Photograph by Puru
Today I have a very special guest writer for this post. He is Abe WalkingBear Sanchez. Since 1982, International Business Speaker and Trainer, Abe WalkingBear Sanchez has worked with companies across industry lines and has spoken to many hundreds of CEO and Top Business Managers Groups.
He had posted this on the Green group in linked in. It is so well written that I wrote to him seeking his permission to post this on my blog. He immediately agreed. So here it is – Enjoy the post.
“Some younger people fear that in their future they will not do as well materially as their parents' generation. Well I have good news and better news.
GM (General Motors), the old GM that once roamed the world stage like a 900 pound gorilla not the "new" smaller and more humble GM that filed for bankruptcy, came up with the idea that the car you drove defined who you were and created different brands for different classes of consumers.
The same concept was applied to other products...your stuff defined you and people were constantly told and bought into the idea that the quantity and quality of their stuff reflected their worth as a person. He who dies with the most stuff wins. This excessive consumption and accumulation of goods knowing that there were others in need is the very definition of greed, which is both an economic and moral sin.
Proof that people around the world bought into the "pack rat" mindset is the number of mini-storage warehouses, garages, attics, basements and storage sheds bulging with unused and often forgotten stuff. This accumulation is fed by fear, God forbid someone points out that you are wearing/using the same "old thing".
There is a company now called, yes..Pack Rat, which will bring a really big box out to your home and when you've filled it with stuff they'll pick it up and store it for you.
The consumer society is about more than just need, or at least physical need...it's a sickness. But we are recovering from the fever and awakening from the consumption nightmare .
Since WW II we have had several generations sell the most precious thing they have...their lives, for stuff they really didn't need or even used. It was OK to spend more time with your co-workers than with your family. Fighting rush hour traffic was a good thing because your kids could then wear the "right" shoes. Better an expensive electronic toy then tossing a ball with your kids or just sitting and talking..but all that is coming to an end.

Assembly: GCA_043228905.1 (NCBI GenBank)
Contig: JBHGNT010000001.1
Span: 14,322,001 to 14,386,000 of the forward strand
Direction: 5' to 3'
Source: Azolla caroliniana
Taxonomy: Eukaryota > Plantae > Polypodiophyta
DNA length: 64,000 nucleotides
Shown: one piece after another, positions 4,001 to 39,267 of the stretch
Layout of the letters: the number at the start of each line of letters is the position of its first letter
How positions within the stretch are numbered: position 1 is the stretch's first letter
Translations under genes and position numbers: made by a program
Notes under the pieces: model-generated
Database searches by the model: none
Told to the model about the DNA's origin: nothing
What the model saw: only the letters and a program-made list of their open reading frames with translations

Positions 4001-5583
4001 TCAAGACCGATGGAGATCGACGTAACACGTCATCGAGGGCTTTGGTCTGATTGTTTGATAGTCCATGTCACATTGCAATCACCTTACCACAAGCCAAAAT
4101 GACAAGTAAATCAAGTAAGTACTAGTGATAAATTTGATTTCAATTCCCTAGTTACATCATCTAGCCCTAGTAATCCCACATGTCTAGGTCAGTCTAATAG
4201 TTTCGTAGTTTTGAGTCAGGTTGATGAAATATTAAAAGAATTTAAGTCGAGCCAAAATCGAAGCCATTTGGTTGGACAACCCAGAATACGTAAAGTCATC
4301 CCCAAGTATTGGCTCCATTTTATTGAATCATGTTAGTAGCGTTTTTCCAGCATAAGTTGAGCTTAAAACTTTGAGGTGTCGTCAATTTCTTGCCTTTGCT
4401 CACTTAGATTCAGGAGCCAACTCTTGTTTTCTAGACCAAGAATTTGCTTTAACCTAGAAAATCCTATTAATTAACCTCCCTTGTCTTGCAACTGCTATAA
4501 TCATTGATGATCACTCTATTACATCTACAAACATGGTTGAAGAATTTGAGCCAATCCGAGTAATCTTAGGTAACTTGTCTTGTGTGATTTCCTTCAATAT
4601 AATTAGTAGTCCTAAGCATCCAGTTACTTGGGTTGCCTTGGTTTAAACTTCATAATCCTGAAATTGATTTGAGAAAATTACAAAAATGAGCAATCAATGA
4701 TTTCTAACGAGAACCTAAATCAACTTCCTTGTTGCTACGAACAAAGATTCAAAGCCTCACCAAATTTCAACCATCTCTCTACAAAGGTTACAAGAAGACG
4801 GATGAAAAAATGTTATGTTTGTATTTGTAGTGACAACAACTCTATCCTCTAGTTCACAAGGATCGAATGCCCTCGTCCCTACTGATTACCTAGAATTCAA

Our future lives are not about the quantity of the stuff we possess or which possesses us , but rather about "quality essentials".
In the physical world this concept of "quality essentials" is manifested in education, energy, health care and the goods we produce.
Technology brings with it new efficiencies, a greater return for the investment made and is the basis for "quality essentials" and for new understandings about what is good and right, about new values.
In Native American teachings children are told that life is a gift and that they are also given free will and can choose the road they walk in life. The Red Road is based on love , the Black Road is based on fear and is about focus on self . The opposite of love is not hate its fear for hate like all moral and economic sins is fear based.
Irrational fear holds back the change for the better. Fear creates what the Toltecs called mitote, the fog of the mind and of the soul which clouds our vision but once we let go of the fear and stop giving it energy the fog dissipates.
My friend and mentor , Jack Brightnose, a Cree medicine man once told me that words are magic, that the very idea that by making sounds or putting down symbols we can paint picture in the minds of others is magical, and that we get to choose whether we practice white magic (love) or black magic (fear).
The good news is that the world economy is changing from one based on saturation and excess to one based on fewer "quality essentials" . The better news is that people will be set free from the consumption nightmare.
Through the use of computer and communication technology we are sharing what we have learned and reaching new levels of efficiency; and in so doing we are moving away from an "us and them" time into the time of the "we"; a time of smaller houses and bigger lives.”
Thanks Abe for sharing this article.